Exchangeable Senior Notes
In November 2013, we issued and sold $115.0 million aggregate principal amount of 3.25% Exchangeable Senior Notes due 2018 (the "Notes"). The Notes are senior unsecured obligations of the Operating Partnership and rank equally in right of payment with all other existing and future senior unsecured indebtedness of the Operating Partnership. Interest is payable in arrears on May 15 and November 15 of each year, beginning May 15, 2014, until the maturity date of November 15, 2018. The Operating Partnership’s obligations under the Notes are fully and unconditionally guaranteed by the Company. The Notes bear interest at a rate of 3.25% per annum and contain an exchange settlement feature, which provides that the Notes may, under certain circumstances, be exchangeable for cash, shares of our common stock or a combination of cash and shares of our common stock, at the option of the Operating Partnership. We incurred $3.8 million in financing costs, of which $2.4 million and $2.6 million are included in deferred financing costs, net on the accompanying condensed consolidated balance sheets as of March 31, 2015 and December 31, 2014, respectively, to be amortized to interest expense over the term of the Notes.
In connection with the issuance of the Notes, we recorded approximately $99.1 million within exchangeable senior notes, net on the accompanying condensed consolidated balance sheets, based on the fair value of the instrument using a straight-debt rate of 6.5% at the time of issuance, and approximately $15.4 million in additional paid-in-capital, net of $0.5 million in financing costs, in the accompanying condensed consolidated statement of equity. The difference between the $115.0 million face amount and the $99.1 million will be accreted over the five-year period ending November 15, 2018.
The following table details the debt and equity components recognized related to the 3.25% Notes (in thousands)
 
March 31, 2015
 
December 31, 2014
Principal amount
$
115,000

 
$
115,000

Unamortized discount
(12,102
)
 
(12,812
)
Net carrying amount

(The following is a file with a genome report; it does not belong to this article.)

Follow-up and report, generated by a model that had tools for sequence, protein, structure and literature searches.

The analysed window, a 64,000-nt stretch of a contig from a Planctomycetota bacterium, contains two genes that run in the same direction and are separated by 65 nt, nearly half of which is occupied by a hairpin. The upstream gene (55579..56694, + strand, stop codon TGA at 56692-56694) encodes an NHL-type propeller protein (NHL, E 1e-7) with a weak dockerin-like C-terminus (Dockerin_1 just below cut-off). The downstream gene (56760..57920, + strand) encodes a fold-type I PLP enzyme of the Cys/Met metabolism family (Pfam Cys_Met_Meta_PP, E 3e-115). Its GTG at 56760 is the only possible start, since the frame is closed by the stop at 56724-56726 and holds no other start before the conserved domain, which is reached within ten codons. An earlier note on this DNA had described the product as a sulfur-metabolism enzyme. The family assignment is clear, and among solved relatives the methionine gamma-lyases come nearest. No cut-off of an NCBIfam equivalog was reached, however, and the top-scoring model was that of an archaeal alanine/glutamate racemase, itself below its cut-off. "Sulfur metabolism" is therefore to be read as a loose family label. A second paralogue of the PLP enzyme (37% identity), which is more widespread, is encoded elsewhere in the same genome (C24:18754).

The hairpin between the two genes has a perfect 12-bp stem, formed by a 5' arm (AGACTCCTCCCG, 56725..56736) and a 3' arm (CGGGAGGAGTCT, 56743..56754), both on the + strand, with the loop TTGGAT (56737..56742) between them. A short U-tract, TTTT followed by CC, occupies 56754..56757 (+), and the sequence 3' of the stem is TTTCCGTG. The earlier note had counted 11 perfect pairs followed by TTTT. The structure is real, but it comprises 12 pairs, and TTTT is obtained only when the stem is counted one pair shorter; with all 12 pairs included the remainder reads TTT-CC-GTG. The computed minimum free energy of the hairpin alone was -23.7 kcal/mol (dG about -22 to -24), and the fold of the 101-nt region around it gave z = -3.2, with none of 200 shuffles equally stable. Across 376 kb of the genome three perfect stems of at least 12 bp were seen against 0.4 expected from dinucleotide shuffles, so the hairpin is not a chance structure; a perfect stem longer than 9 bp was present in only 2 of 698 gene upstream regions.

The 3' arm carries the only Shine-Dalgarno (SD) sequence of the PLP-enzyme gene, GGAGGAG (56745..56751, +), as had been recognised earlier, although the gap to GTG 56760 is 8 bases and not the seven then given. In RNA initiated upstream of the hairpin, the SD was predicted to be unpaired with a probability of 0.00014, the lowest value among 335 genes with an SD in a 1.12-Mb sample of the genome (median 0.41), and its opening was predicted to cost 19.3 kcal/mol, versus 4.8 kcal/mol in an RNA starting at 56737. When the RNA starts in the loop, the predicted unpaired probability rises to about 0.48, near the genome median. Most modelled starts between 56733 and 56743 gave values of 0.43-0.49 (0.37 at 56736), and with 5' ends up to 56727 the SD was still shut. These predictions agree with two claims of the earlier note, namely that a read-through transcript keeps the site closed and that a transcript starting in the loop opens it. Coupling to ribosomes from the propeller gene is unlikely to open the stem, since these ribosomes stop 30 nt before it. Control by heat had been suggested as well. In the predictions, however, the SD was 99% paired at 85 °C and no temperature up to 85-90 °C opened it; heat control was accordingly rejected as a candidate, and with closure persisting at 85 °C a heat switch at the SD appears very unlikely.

102,898

 
102,188

Additional paid in capital
15,360

 
15,360

Securitization Loan
In August 2014, the Company completed a securitization transaction resulting in $340.6 million in total gross proceeds. The transaction involves the issuance and sale of single-family rental pass-through certificates that represents beneficial ownership interests in a loan (the "Securitization Loan"), secured by 2,876 homes transferred to an affiliate from the Company's portfolio of single-family properties. The loan has an initial term of two years, with three, 12-month extension options, resulting in a fully extended maturity date of September 9, 2019 and requires that we maintain certain covenants, including but not limited to, a minimum debt yield on the collateral pool of properties. The effective weighted average of the fixed-rate spreads is 2.11% plus 1-month London Interbank Offered Rate ("LIBOR"), or 2.28%. As of March 31, 2015, we were in compliance with all covenants under the loan agreement. The net balance at March 31, 2015 was $340.8 million, which

12


is net of unamortized discount of $1.5 million. We incurred approximately $11 million in financing costs, of which $9.6 million and $10.2 million are included in deferred financing costs, net on the accompanying condensed consolidated balance sheets as of March 31, 2015 and December 31, 2014, respectively, to be amortized over five years.
Derivative and Hedging Activities